The timing was right for us because the British government’s WWI documents had recently been released. We were able to directly say in the programme, “All these words are true”. At that time, Haig was heavily associated with the Poppy Appeal, whose charity is still called the Haig Fund. He had a statue in Whitehall that was saluted by everybody but he was a monster.
Poor George Sewell – who played Haig – would very often get instructions from Gerry Raffles saying, “They’re in tonight”, by which he meant the Haig family. George would come over to me and say, “Listen mate, would you go over my lines with me?” I would say, “George, you know your lines” but he would reply, “I know, but…” So we would go over his lines just to reassure him because Gerry had said, “Watch what you say George because if you get one word wrong, they (the family) will close us down.”
It was as severe as that and poor George used to be sweating out of fear. I would say, “Come on then, let’s go from the top” but of course he knew all his lines and the family never got him to make a mistake.
The philosopher Bertrand Russell had been convicted and imprisoned for anti-war campaigning during WWI. What did he think of Oh! What a Lovely War when he saw it on his 91st birthday?
We knew he was coming and he sat in the front row. He used to speak at Speaker’s Corner, Hyde Park as a campaigner against war and one day somebody set fire to his stand. When he saw the play he was very moved. At the end of the show Gerry Raffles got all the young ushers to come in and lay white flowers around his feet to take the place of the flames.
I can’t tell you how moving it was. We knew he was in but the audience didn’t know. There was an enormous reaction from them when an announcement was made onstage and they realised he was in the front row.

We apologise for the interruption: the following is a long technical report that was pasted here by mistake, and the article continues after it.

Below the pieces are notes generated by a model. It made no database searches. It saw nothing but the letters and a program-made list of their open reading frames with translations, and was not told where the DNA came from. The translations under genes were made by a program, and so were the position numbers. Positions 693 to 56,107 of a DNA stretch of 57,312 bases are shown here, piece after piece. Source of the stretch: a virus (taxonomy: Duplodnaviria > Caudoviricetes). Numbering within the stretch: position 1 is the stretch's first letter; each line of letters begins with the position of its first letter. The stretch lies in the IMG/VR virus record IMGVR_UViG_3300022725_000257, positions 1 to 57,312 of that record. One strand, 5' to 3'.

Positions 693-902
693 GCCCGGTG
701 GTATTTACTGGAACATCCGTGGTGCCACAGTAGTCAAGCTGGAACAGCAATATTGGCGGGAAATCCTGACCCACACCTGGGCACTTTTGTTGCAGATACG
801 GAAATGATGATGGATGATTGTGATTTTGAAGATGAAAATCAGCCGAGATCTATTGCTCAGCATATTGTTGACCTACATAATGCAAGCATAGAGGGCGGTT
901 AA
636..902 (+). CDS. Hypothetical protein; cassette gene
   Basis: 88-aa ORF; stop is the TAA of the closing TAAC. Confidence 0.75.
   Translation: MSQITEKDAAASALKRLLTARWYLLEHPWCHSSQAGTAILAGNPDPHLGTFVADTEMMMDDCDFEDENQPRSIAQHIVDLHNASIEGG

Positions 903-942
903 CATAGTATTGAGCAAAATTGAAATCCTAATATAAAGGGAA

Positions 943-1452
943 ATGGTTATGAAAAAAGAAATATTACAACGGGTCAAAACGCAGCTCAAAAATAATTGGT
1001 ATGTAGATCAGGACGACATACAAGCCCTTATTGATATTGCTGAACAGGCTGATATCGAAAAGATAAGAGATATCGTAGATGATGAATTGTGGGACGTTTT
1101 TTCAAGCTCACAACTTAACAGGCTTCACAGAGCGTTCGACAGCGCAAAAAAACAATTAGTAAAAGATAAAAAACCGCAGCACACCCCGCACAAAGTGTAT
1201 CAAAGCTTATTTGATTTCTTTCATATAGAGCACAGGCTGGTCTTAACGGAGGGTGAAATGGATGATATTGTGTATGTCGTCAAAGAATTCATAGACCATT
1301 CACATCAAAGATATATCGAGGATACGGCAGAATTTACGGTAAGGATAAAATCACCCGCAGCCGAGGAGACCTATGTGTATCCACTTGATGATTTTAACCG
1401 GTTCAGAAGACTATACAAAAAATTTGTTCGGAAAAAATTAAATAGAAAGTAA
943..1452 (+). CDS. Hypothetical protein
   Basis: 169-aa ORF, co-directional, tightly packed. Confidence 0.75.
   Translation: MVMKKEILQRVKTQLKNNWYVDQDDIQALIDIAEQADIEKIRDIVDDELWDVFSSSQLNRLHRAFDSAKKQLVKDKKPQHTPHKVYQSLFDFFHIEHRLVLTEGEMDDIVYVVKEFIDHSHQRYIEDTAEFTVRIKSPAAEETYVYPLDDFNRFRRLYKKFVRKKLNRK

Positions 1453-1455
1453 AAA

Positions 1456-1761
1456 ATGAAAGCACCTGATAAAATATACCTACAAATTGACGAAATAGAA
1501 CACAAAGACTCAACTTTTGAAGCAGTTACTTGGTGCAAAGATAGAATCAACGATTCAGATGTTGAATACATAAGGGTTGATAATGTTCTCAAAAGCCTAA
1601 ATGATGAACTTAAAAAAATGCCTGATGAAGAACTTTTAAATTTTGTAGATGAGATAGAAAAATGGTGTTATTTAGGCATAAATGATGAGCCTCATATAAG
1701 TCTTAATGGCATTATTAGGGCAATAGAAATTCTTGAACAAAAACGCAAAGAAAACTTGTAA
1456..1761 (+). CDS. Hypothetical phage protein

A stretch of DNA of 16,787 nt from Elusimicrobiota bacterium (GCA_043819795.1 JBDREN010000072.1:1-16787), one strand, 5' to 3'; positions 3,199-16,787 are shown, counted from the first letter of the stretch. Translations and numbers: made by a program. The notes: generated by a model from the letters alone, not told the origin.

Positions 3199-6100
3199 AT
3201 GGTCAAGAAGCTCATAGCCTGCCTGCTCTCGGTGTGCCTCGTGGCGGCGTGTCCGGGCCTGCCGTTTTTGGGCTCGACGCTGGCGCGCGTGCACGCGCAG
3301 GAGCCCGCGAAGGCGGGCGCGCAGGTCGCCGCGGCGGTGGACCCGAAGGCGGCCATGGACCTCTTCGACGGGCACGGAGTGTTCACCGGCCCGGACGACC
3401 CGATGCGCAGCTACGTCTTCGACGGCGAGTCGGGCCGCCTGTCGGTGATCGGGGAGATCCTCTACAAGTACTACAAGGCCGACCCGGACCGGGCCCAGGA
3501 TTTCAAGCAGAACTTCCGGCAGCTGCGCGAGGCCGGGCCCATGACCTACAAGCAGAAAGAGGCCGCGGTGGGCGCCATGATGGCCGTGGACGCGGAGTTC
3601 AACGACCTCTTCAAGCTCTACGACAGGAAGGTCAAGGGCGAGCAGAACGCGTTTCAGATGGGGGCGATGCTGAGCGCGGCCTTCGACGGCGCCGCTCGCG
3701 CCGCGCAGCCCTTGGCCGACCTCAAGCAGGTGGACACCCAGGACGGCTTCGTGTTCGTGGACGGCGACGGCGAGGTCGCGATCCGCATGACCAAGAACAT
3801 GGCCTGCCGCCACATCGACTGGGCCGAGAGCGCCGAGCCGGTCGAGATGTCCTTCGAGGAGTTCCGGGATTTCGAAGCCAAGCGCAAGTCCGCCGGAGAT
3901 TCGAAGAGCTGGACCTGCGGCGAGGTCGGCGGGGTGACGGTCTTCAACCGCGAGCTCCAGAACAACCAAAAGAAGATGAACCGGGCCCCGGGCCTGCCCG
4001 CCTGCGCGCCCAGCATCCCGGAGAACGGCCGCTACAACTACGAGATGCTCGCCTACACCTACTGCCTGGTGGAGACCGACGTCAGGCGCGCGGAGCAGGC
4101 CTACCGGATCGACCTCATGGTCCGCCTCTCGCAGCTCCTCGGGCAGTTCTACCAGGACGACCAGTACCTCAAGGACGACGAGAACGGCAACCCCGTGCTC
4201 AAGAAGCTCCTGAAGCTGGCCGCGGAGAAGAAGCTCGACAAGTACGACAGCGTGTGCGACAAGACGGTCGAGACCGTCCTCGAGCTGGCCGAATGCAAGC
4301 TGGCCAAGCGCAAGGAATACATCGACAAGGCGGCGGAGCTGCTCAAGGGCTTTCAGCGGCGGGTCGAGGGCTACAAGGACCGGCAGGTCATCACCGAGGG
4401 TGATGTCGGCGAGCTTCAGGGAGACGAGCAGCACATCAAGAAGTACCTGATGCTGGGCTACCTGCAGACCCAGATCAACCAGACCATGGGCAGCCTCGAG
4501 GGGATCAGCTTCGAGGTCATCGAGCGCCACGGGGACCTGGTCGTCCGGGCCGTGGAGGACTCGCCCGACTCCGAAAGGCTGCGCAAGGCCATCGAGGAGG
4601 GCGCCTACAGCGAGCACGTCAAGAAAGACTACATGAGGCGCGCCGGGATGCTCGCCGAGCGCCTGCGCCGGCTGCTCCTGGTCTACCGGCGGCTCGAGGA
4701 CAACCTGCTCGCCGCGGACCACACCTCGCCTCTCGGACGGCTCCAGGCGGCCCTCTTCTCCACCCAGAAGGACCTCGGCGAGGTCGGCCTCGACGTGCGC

He was in tears and as soon as the show was over he left. We had planned a lovely meeting with him backstage but he was too emotionally rocked by it. It wasn’t until a couple of weeks later that he wrote a letter to us, which Gerry Raffles gave us all a copy of. He wrote in it, “I was so moved. I can’t believe that any government would allow you to show this to the general public…Oh! What a Lovely War brings war within our grasp, which is immensely difficult.” The letter is now in the archive at the British Library.
There are 14 boxes of material from the Theatre Royal’s archive in the British Library relating to the original production. Are there any materials that stand out for you?
The complete archive includes everything that has been on the main stage since the theatre opened on 17 December 1884 through to 2017. I decided that the archive should be placed in the British Library because it’s just down the road from the theatre.
At first, the British Library just wanted the material relating to the Theatre Workshop. However, I told the British Library that they couldn’t have the archive unless they took all of it. It means much more if you’ve got that pre-1914 stuff and especially from the First World War itself.
During WWI, the theatres were still open whereas they were closed during WWII for safety reasons. It’s interesting to see the productions Stratford East put on during 1914-18. Initially their tone was patriotic such as, “We will win, good old England…” but as the war went on that changed to “A Mother Lost Her Son” with themes that involved deep grief. The patriotism during the early part of the war was extraordinary.
Out of the 14 boxes relating to the production, I would think that the letter from Bertrand Russell stands out the most. It still moves me.
What do you think of Oh! What a Lovely War’s legacy 60 years after it premiered?
This was the first time in theatrical history that the war had been told from the muddy boots up. It was told from the common man’s perspective rather than the grandeur of high society and that frightful old Haig.
It still has a resonance and it’ll be forever there. From a practical point of view, it has wonderful parts for actors but ultimately it is the songs that are the show. That’s what Gerry Raffles first heard on Charlie Chilton’s radio programme. He heard those songs and thought, “Wow, that could be on stage”. Out of that came the show and here we are talking about it 60 years later.
For more information on Oh! What a Lovely War pick up a copy of History of War Issue 118 to read an interview with Eleanor Dickens, Curator of Contemporary Literary Archives and Manuscripts at the British Library. To subscribe to History of War visit MagazinesDirect.com
- Joan Littlewood, Oh! What a Lovely War (Methuen Drama, 1967).
- Murray Melvin, The Art of the Theatre Workshop (Bloomsbury Publishing, 2006).
- Murray Melvin, The Theatre Royal: A History of the Building (Stratford East Publications, 2009).
- Peter Rankin, Joan Littlewood: Dreams and Realities. The Official Biography (Oberon Books Ltd, 2014).